Document Type

Article

Department

Paediatrics and Child Health

Abstract

Background: Pakistan is unfortunately among the five countries that contributed to the most deaths due to diarrhea and pneumonia in 2010. To explore factors associated with diarrheal deaths we assessed care-seeking behavior and other predictors of diarrhea-related mortality in children in selected low-income peri-urban communities of Karachi, Pakistan.
Methods: A mixed methods study (qualitative and quantitative) using matched case-control design and focus group discussions with parents of children with moderate to severe diarrhea (MSD) was undertaken. Cases were children Demographic, clinical, and care-related behavioral predictors of mortality were assessed. Conditional logistic regression was performed, matched adjusted odds ratios (mOR) are reported.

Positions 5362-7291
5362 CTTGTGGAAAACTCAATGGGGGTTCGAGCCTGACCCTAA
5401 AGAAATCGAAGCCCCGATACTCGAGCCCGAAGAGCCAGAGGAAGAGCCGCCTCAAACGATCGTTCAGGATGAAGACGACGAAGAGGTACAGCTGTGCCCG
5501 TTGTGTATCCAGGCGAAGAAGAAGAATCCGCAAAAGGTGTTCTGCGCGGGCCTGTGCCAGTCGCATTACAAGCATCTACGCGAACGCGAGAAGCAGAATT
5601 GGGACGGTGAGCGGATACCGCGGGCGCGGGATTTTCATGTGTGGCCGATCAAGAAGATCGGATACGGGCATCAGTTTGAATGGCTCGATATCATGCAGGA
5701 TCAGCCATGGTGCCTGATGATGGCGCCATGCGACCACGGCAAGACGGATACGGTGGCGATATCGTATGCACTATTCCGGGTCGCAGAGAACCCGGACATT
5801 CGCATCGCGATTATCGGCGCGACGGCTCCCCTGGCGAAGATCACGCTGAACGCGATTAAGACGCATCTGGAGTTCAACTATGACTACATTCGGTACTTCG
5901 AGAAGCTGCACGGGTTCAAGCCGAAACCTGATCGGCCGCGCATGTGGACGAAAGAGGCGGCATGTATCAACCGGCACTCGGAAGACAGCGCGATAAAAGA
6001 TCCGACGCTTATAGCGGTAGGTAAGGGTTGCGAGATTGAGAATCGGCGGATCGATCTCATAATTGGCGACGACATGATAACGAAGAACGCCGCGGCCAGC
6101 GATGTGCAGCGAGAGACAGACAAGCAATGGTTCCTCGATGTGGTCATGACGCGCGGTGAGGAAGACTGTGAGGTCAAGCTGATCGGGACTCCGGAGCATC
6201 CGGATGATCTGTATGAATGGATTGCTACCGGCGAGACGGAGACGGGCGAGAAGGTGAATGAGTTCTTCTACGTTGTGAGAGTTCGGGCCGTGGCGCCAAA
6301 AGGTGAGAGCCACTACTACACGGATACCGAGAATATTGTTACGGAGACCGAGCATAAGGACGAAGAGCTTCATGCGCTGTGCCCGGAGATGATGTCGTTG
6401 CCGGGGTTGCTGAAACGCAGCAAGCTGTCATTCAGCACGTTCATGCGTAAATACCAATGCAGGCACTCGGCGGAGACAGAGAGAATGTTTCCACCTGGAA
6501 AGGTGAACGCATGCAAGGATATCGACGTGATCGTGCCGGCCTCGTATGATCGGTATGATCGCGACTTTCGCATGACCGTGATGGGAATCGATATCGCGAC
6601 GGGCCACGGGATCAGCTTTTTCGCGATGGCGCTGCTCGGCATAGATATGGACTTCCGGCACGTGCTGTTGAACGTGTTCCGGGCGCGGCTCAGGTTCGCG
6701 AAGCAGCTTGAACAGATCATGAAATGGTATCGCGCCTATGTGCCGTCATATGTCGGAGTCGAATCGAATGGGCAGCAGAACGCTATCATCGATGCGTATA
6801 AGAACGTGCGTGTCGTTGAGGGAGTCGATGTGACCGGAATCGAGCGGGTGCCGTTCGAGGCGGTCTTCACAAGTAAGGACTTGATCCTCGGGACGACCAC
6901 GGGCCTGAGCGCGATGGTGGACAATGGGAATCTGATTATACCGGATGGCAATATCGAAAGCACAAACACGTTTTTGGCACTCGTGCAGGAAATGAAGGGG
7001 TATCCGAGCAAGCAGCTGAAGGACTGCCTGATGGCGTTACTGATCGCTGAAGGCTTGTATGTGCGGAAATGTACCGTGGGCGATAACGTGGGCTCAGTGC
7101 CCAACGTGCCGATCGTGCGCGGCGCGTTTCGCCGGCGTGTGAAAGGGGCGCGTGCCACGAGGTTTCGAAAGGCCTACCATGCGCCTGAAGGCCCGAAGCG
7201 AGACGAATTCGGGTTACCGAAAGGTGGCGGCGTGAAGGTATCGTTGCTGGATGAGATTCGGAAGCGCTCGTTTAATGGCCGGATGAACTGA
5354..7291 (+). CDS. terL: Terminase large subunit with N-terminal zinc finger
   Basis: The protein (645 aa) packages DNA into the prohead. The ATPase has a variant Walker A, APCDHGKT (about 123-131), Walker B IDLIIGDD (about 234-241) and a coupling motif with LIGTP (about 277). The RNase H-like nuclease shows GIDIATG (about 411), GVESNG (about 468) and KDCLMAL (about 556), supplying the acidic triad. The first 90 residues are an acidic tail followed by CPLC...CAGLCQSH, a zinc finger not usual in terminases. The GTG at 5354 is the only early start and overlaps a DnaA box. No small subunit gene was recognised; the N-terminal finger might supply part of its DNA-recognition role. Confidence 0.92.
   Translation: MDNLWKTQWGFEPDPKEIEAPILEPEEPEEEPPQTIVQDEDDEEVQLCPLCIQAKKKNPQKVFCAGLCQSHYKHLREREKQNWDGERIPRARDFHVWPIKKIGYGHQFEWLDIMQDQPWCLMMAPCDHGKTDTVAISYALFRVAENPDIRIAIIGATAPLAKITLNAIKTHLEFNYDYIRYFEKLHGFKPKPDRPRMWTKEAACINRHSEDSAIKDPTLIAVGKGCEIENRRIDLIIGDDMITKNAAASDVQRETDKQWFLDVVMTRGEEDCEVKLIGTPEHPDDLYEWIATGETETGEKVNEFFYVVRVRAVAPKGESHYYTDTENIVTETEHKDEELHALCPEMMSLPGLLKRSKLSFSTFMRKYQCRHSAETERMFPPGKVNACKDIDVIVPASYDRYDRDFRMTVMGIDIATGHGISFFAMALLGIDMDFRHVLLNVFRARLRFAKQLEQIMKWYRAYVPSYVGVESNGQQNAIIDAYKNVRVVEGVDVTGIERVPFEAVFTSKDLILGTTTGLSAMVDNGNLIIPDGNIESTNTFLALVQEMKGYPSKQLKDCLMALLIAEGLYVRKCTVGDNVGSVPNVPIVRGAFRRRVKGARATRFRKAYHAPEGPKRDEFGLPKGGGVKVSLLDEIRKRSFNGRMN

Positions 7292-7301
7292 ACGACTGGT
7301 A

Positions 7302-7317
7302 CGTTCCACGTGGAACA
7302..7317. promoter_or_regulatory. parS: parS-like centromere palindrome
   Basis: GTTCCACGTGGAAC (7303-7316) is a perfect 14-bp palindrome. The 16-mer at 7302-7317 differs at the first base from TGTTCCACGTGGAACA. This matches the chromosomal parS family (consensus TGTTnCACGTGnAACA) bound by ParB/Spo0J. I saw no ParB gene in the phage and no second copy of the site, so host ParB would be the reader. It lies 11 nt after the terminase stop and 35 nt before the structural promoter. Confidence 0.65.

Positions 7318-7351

Results: Parents of 77 cases and 154 controls were interviewed. Cases were less likely to receive appropriate care compared to controls (mOR=0.2, 95% confidence interval (CI) 0.05-0.91). Refusal for hospital admission (OR=8.9, 95% CI 2.6-30.8), and delays in reaching the health facility (OR=3.6, 95% CI 1.0-12.9) were significant independent predictors of mortality. We found strong beliefs in traditional and spiritual healing in the population; use of both modern and traditional/spiritual treatments concurrently was common.
Conclusion: Appropriate care seeking behavior predicts survival in children with diarrhea in Pakistan. There is a complex belief system relating to traditional and standard therapies. Health education for appropriate health care seeking should be implemented in order to achieve a substantial decline in diarrheal disease mortality in Pakistan.

Publication

Journal of Global Health

Included in

Pediatrics Commons

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